The line between commerce and lIart," or expression of ideas, turns out to be the arbitrary line that decides whether or not a publisher goes to jail. One of the things that saved the publishers of Lady Chatterley's Lover was that the book was brought out in hard cover. On the other hand, Mr. Ginzburg's magazine Eros was a very expensive, glossy magazine, with beautiful full-color reproductions of classical erotic pictures by the great masters, but his advertising was too commercial for the Supreme Court. But in 1957 and again in 1973, the Supreme Court set as its standard in judging pornography not only whether the material appealed to the prurient, but whether it also violated IIcommunity standards" of what was IIpatently offensive." What are these standards, the IIcommon conscience of the community," that the Court would have be the judge of whether or not sexually explicit materials may be sold? Isn't the only practical way to judge how many people find something offensive, to measure its sales? Julie

In the case of Lady Chatterley's Lover, the judge refused to allow the post office to ban it because newspapers and magazines of large circulation supported it. He said, "Surely expressions by leading newspapers, with circulations of millions, are some evidence at least as to what the limits of tolerance by present-day community standards are." Today, three of the most widely circulated magazines in this country are Playboy, Penthouse, and the raunchier Hustler- (at least until recently)-all of which have circulations of millions. The recently prosecuted movie Deep Throat supposedly grossed $25 million. So-called lIadult uses" (massage parlors and sexually explicit movie theatres, bookstores, and peep shows)increased in New York City from 9 in 1965 to 245 by January of 1977, according to the New York Times. Today, at least to a large segment of the community, pornography seems to have won the battle in the marketplace of ideas. It is widely circulated; it is openly available; it is perfectly acceptable.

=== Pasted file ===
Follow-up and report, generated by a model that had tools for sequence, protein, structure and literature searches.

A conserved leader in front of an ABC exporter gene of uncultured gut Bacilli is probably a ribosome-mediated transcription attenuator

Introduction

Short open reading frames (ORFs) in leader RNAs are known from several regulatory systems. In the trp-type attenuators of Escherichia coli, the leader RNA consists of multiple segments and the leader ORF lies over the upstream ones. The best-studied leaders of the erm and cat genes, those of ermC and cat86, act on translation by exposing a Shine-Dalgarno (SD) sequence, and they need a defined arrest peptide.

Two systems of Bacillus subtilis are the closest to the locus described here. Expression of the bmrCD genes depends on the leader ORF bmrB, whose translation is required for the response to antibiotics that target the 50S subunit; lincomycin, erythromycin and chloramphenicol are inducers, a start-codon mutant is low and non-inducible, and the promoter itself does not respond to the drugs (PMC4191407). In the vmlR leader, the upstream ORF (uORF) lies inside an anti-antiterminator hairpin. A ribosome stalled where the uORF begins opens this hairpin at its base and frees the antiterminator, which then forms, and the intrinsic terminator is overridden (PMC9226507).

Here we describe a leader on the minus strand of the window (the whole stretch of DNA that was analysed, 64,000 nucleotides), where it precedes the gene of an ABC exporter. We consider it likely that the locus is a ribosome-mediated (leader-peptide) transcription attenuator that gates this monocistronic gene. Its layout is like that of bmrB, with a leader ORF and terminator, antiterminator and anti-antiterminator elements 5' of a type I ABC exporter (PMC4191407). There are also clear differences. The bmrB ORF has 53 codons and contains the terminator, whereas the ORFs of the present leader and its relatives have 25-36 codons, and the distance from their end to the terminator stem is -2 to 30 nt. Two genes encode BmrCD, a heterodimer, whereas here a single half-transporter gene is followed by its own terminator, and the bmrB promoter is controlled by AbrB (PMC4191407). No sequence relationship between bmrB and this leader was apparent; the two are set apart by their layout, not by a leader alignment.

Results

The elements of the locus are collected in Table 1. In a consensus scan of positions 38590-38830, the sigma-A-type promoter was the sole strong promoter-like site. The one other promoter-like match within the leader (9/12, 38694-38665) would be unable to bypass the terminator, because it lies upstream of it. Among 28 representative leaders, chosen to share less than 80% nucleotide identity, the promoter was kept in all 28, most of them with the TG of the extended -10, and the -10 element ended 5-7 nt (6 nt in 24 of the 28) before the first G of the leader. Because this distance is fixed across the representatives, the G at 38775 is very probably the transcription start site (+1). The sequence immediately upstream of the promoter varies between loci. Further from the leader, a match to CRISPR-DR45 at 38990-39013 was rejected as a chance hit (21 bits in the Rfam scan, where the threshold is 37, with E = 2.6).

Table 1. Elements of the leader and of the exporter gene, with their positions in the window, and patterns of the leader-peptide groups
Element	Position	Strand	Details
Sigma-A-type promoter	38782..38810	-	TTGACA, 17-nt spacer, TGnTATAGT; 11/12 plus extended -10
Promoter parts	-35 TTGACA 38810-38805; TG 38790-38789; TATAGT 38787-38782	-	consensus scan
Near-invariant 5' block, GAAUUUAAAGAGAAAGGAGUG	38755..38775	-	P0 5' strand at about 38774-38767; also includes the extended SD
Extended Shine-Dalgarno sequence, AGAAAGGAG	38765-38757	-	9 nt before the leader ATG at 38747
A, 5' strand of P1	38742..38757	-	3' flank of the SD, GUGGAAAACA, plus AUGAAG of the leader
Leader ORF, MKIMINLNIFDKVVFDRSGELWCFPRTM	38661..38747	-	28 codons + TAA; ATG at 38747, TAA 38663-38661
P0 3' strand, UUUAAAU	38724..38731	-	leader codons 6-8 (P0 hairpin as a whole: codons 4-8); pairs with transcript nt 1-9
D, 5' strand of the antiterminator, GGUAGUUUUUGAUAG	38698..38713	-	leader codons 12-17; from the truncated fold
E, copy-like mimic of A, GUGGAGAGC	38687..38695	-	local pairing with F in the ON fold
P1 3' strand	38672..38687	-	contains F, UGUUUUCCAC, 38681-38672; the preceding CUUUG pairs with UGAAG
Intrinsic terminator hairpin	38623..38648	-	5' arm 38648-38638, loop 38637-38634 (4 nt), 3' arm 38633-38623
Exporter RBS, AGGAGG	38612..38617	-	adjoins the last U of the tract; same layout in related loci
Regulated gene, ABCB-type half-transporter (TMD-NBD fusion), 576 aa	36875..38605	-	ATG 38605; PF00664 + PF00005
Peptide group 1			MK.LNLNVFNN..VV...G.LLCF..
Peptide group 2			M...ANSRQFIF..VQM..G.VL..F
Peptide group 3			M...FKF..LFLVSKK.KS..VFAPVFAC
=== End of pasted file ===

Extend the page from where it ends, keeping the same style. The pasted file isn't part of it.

The confusion of the intellectu,als

But what of the intellectuals, who have been champions of the right to express explicit sexual ideas throughout this century? Many of them have simply abandoned the concept of the marketplace of ideas, holding that the ideas that are winning out are not promoting the good of society, and that therefore we have a duty to pit society against individual rights. Not for them the fervor of Justice Holmes, who went so far as to say, 111 in the long run the beliefs expressed in proletarian dictatorship are destined to be accepted by the dominant forces of the community, the only meaning of free speech is that they should be given their chance and have their way."
Libertarian Review

The recent Hustler, Deep Throat, and Screw cases seem to have fragmented the intellectual community. Harriet Van Horne wrote an article in which she called herself "a dedicated civil libertarian, " but said that she refused to defend Hustler because "to defend Larry Flynt is to defend obscenity of the vilest sort. . . . I am now astonished to find myself wishing to limit Larry Flynt's free expression." William Buckley saw no reason why Harry Reems should not be allowed to go to jail for acting in Deep Throat, calling himself a "libertarian" in the same column. On the other hand, William Safire, while calling himself a "libertarian conservative," took an opposite tack and suggested curtailing "the hard-sell, not the hard core. Actors should be allowed to prance about naked in stage, where admission is by ticket only, but not down the public streets." An ad calling the Hustler conviction "government harassment of a dissident publication," was signed by Hugh Hefner of Playboy, but not by the editors of Esquire or Penthouse. Joan Didion signed this ad; Nora Ephron did not. It sometimes seems as if one of the main reasons tha t contemporary political and legal thinkers give up in despair when trying to formulate principled defenses of their positions is that they are trying to defend either the "liberal" ideals of personal freedom or the "conservative" ideals of economic freedom-but not both. But since human beings are both personal and economic beings, their rights in both areas are ultimately interrelated. Any principle involving an absolute right in either area will, if carried far enough and strictly enough, involve the defense of rights that one may see as contradictory to one's own preferences. When this occurs, one can either